edge = Table[RotateRight[boundary, i][[;; 2]], {i, Length@boundary}];
length = EuclideanDistance @@ # & /@ edge;
norm = Normalize@(RotationTransform[Pi/2]@(#[] - #[])) & /@ edge;


For a random starting point p0 and a direction d0, we can call bounce inside NestList to generate a list g of Graphics for animation.

p0 = RandomReal[0.4 {-1, 1}, 2];
d0 = {Cos@#, Sin@#} &@RandomReal[{0, 2 Pi}];
r = NestList[bounce, {p0, d0, 0}, 100];
p = r[[All, 1]];
g = Table[
Graphics[
{
FaceForm[LightBlue], EdgeForm[], Polygon@boundary,
Gray, Line@p[[;; j]], Darker@Gray, Point@p[[;; j]], Red,
Point@p[]
}
],
{j, 2, Length@r}
];


An instance of the list is as follow: For final output and animated gif:

ListAnimate[g]


Maybe, there could be some numerical errors, it can be extended for n-sided polygons after changing the value of n: Non-convex shapes can be considered with some alteration in bounce. The following bounce2 is the initial trial for this.

bounce2[{p0_, d0_, i0_}] :=
Module[{idxL, pL, validL, distL, i, p1, d1, bValid, dist, angleL,
angle},
idxL = Position[Pi/2 < VectorAngle[d0, #] < Pi 3/2 Pi & /@ norm,
True] // Flatten;
pL = Table[LLI[{p0, p0 + d0, ##}] & @@ edge[[j]], {j, idxL}];
validL = Table[! Or @@ (Greater[#,
1] & /@ (EuclideanDistance[#, pL[[i]]]/
length[[idxL[[i]]]] & /@ edge[[idxL[[i]]]])), {i,
Length@idxL}];
distL = EuclideanDistance[#, p0] & /@ pL;
angleL = Table[
VectorAngle[norm[[idxL[[i]]]], pL[[i]] - p0], {i,
Length@idxL}];
{i, p1, bValid, angle, dist} =
Select[Transpose@{idxL, pL, validL, angleL,
distL}, (#[] && #[] > Pi/2) &] //
MinimalBy[#, Last] & // #[] &;
d1 = (ReflectionTransform[RotationTransform[-Pi/2]@(-norm[[i]]),
p1]@p0 - p1) // Normalize;
{p1, d1, i}
]  After some pre-processing the boundary and list structures norm, edge, length, etc., we can handle a polygon with a hole. Normals are assumed to be inward.  @Kuba suggested a nice reference in the comment. I applied to the example shape in 38917. A longer animation can be found in here. The bouncing pattern is quite satisfactory.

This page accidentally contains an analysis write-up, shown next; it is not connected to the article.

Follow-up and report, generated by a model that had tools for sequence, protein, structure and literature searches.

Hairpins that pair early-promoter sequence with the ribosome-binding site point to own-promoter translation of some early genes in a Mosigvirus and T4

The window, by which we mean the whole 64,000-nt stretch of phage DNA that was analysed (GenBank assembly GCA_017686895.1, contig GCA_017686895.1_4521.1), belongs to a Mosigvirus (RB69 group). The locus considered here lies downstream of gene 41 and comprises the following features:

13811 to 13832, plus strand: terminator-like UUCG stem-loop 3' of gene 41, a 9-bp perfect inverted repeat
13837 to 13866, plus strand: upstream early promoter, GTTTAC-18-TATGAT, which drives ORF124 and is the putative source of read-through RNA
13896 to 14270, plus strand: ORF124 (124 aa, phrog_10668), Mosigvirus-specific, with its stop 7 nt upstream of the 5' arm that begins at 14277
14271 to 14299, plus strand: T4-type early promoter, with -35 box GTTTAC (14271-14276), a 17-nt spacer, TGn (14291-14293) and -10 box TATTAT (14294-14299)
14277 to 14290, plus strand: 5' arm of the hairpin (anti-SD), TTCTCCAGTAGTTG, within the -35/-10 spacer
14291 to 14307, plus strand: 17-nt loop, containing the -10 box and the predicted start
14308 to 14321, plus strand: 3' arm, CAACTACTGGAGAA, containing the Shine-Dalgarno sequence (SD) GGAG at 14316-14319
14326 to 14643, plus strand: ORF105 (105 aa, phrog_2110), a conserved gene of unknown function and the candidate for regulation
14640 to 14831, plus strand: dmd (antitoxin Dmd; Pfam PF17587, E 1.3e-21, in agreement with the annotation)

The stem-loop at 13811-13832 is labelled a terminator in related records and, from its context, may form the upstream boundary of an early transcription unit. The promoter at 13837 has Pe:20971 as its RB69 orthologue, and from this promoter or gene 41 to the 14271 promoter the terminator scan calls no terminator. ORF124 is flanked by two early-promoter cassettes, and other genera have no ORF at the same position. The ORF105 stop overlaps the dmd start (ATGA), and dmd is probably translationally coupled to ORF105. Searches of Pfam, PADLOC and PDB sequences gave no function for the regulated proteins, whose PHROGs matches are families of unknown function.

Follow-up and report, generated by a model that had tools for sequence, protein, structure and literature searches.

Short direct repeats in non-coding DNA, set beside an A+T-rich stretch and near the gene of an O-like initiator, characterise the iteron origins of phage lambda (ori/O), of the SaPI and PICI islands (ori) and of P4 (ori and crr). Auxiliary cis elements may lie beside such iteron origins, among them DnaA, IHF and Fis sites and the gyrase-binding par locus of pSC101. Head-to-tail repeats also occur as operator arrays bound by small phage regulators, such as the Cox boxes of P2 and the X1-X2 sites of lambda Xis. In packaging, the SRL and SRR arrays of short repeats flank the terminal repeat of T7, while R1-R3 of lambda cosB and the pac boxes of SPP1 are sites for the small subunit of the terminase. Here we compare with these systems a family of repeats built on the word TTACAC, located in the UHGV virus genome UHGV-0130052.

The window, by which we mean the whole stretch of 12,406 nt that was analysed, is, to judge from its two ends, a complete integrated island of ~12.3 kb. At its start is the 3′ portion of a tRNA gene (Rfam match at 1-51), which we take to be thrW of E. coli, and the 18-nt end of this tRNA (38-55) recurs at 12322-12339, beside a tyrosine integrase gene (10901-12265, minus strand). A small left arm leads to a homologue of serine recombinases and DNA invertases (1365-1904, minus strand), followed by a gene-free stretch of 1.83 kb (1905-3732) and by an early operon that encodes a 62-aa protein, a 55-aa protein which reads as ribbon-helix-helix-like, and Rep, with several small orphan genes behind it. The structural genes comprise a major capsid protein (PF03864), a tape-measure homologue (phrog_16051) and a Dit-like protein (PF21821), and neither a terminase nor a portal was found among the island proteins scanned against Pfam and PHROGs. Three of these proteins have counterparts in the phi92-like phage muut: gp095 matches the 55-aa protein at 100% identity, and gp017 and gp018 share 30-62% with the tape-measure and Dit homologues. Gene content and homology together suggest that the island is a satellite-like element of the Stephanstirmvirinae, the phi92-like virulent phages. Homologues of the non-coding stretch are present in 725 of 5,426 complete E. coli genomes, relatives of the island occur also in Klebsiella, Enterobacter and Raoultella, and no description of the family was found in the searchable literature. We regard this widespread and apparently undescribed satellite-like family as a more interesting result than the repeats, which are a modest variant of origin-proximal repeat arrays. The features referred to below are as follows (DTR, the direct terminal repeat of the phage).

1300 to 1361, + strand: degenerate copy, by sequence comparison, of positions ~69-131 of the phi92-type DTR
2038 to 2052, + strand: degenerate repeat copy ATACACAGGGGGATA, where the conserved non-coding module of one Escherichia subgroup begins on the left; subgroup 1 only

• How do you generate the polygons with the holes in them? I always end up with a line connecting the hole to the polygon external edge. – Tomi Jan 8 at 15:26
• I think I understand now, the trick is to make sure the normals are pointing in the right direction! – Tomi Jan 8 at 16:09

Instead of thinking too hard, we can let NDSolve take care of it, using WhenEvent to handle the reflections.

First, set up 3 lines to define the arena:

{m1, b1} = {2, 0};
{m2, b2} = {-1, 1};
{m3, b3} = {0, 0};

reg = Plot[{m1 x + b1, m2 x + b2, m3 x + b3}, {x, 0, 1}, PlotRange -> {-0.01, 2/3}] Then ReflectionTransformation to code the reflections (hope I got these right, I've never used this before):

rt1 = ReflectionTransform[{-m1, 1}];
rt2 = ReflectionTransform[{-m2, 1}];
rt3 = ReflectionTransform[{-m3, 1}];


Finally NDSolve to track the particle:

tmax = 20;
sol = NDSolve[{
x'[t] == vx[t], y'[t] == vy[t],
WhenEvent[y[t] == m1 x[t] + b1, {vx[t], vy[t]} -> rt1[{vx[t], vy[t]}]],
WhenEvent[y[t] == m2 x[t] + b2, {vx[t], vy[t]} -> rt2[{vx[t], vy[t]}]],
WhenEvent[y[t] == m3 x[t] + b3, {vx[t], vy[t]} -> rt3[{vx[t], vy[t]}]],
x == 0.2, y == 0.1, vx == 1, vy == 0.23},
{x, y, vx, vy}, {t, 0, tmax}, DiscreteVariables -> {vx, vy}][];

Show[reg, ParametricPlot[{x[t], y[t]} /. sol, {t, 0, tmax}]]
` Seems like this should be extensible with a little extra work.